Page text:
Debating Ag Land Windfall, Finding Trout Trails

For April 14, 2017

1 – Agricultural land is the only type of property in Michigan that’s increased in overall value since 2008.

According to Midwest Energy News and Bridge Magazine, that may be in part due to wind energy development. Areas that have seen significant development — such as the Thumb region — also had some of the greatest property value increases.

One analysis says commodity prices of corn, sugar beets and soybeans are the primary reason for the increased agricultural property values.

But a Lansing-based consulting firm says that analysis focused on a property’s value, not including other taxable features like wind turbines.

5 Lakes Energy says counties that host the largest number of turbines, including Huron County,  have seen the largest increase in the total taxable value of property in their areas.

2 – Those who love to fish for trout will want to check out a new online Trout Trails tool.

michigan-trout-trails

Credit: MDNR

The application pinpoints quality trout streams and lakes throughout the state.

The state Department of Natural Resources says the tool features lesser-known waters that are considered to be outstanding places to fish for trout, and they’ve verified by biologists.

Almost 100 new sites were recently added to the application, which includes about 300 locations in the Great Lakes basin.

Each entry features extensive information, including the trout species available, regulations, the presence of stocked or naturally reproducing fish, driving directions, area lodging, restaurants and more.

Visit michigan.gov/trouttrails to access the information.

– Mr. Great Lakes is heard at 9:30 a.m. Fridays in Bay City, Michigan, on Delta College Q-90.1 FM NPR. Follow @jeffkart on Twitter #MrGreatLakes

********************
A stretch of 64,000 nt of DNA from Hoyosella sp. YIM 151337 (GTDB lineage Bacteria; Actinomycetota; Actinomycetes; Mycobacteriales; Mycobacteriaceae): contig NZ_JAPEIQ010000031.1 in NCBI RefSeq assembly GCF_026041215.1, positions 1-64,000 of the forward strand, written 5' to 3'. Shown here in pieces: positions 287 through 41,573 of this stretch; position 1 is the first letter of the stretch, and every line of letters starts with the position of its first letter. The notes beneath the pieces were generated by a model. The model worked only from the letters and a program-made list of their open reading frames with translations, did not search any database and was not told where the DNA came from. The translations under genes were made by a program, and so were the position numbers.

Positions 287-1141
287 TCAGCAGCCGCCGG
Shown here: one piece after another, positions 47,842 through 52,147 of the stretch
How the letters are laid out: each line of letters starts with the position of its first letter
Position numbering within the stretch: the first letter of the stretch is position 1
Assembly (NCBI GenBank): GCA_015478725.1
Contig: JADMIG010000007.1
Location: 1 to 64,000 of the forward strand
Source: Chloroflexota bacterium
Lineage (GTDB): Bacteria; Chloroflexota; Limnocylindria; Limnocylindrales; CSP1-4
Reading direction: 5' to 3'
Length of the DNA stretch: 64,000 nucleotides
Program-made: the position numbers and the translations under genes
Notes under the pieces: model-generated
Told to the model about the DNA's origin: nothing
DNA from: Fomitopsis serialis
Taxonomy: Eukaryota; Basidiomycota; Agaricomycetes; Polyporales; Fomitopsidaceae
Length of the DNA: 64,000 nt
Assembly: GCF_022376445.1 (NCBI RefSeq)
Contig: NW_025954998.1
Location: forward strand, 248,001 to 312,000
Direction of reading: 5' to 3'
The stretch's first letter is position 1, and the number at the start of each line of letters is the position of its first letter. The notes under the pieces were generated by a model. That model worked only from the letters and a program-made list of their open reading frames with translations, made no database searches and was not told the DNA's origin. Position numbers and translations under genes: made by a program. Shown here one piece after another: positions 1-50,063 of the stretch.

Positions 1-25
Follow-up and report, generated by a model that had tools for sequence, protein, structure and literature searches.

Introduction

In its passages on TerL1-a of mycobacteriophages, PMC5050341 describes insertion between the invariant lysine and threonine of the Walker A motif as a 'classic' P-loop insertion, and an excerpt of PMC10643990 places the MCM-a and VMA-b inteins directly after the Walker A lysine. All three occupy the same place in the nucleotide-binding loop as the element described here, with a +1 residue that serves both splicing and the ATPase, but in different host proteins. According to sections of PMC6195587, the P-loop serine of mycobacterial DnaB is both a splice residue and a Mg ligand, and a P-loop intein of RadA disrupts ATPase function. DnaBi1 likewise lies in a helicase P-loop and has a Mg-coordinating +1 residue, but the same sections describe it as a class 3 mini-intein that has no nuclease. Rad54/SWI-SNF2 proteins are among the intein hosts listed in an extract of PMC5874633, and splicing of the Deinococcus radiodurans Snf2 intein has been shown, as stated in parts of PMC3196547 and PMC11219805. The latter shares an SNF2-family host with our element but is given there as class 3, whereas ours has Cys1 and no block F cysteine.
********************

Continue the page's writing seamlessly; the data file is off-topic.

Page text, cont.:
Saginaw Bay Scavenger Hunt, Goodbye Winter, and Lake Huron Fish

Mr. Great Lakes (Jeff Kart). As heard in Bay City, Michigan, at 9 a.m. Fridays on Delta College Q-90.1 FM. Part of Friday Edition. 

1 – Calling all photographers. 

Ducks at the Shiawassee National Wildlife Refuge.

Ducks at the Shiawassee National Wildlife Refuge.

The Michigan Department of Natural Resources is holding a Saginaw Bay Photo Scavenger Hunt at Fish Point State Wildlife Area in Tuscola County, Nayanquing Point State Wildlife Area in Bay County, and the Shiawassee River State Game Area in Saginaw County.

Successful hunters in the Wetland Wonders Challenge are eligible for prizes, and there will be nature walks scheduled at each area to help people find items to shoot — with a camera.

To participate, sign up your team online by midnight on Wednesday, May 8.

The hunt list includes 90 items, and you have to find at least 65 to win.

You can find more information at the Facebook page for Michigan Waterfowl Legacy and via the Michigan DNR.

The Waterfowl Legacy program is sponsored in part by the Bay City-based Saginaw Bay Watershed Initiative Network.

– Wetland Wonders Challenge II Saginaw Bay Photo Scavenger Hunt Rules

2 – Goodbye winter.

The U.S. Coast Guard and its Canadian counterpart recently concluded ice-breaking operations on the Great Lakes, including Lake Huron.

The efforts were dubbed as Operation Taconite and Operation Coal Shovel.

Operation Taconite began in December was carried out in Lake Superior, the St. Marys River, the Straits of Mackinac, and northern Lake Huron.

Operation Coal Shovel began in January was carried out in southern Lake Huron, the Detroit and St. Clair River systems, Lakes Erie and Ontario, and the St. Lawrence Seaway.

A group of cutters spent more than 3,000 hours breaking ice, assisting with hundreds of vessel transits, according to the U.S. Coast Guard.

Ice-breaking enables commercial shippers on both sides of U.S.-Canada border to transport an average of $2 billion worth of cargo each winter, including heating fuel and food supplies.

3 – A follow-up on those Lake Huron fishery workshops held last month (April) in Ubly, Oscoda and Cedarville.

According to a summary from Michigan Sea Grant, this year researchers had mostly positive news to share regarding the status and trends of fish populations and fishing on the lake.

The overall message was that Lake Huron is proving to be resilient and still offers a diverse and valuable fishing experience, despite drastic ecosystem changes driven by invasive species.

Fisheries researchers and managers have gained a better understanding of how invasive species have re-designed Lake Huron’s food web, and explored new research and management strategies over the past several years.

Findings presented at the workshops include a healthier population of naturally reproducing Chinook salmon, and an expanding number of native species including lake trout and walleye.

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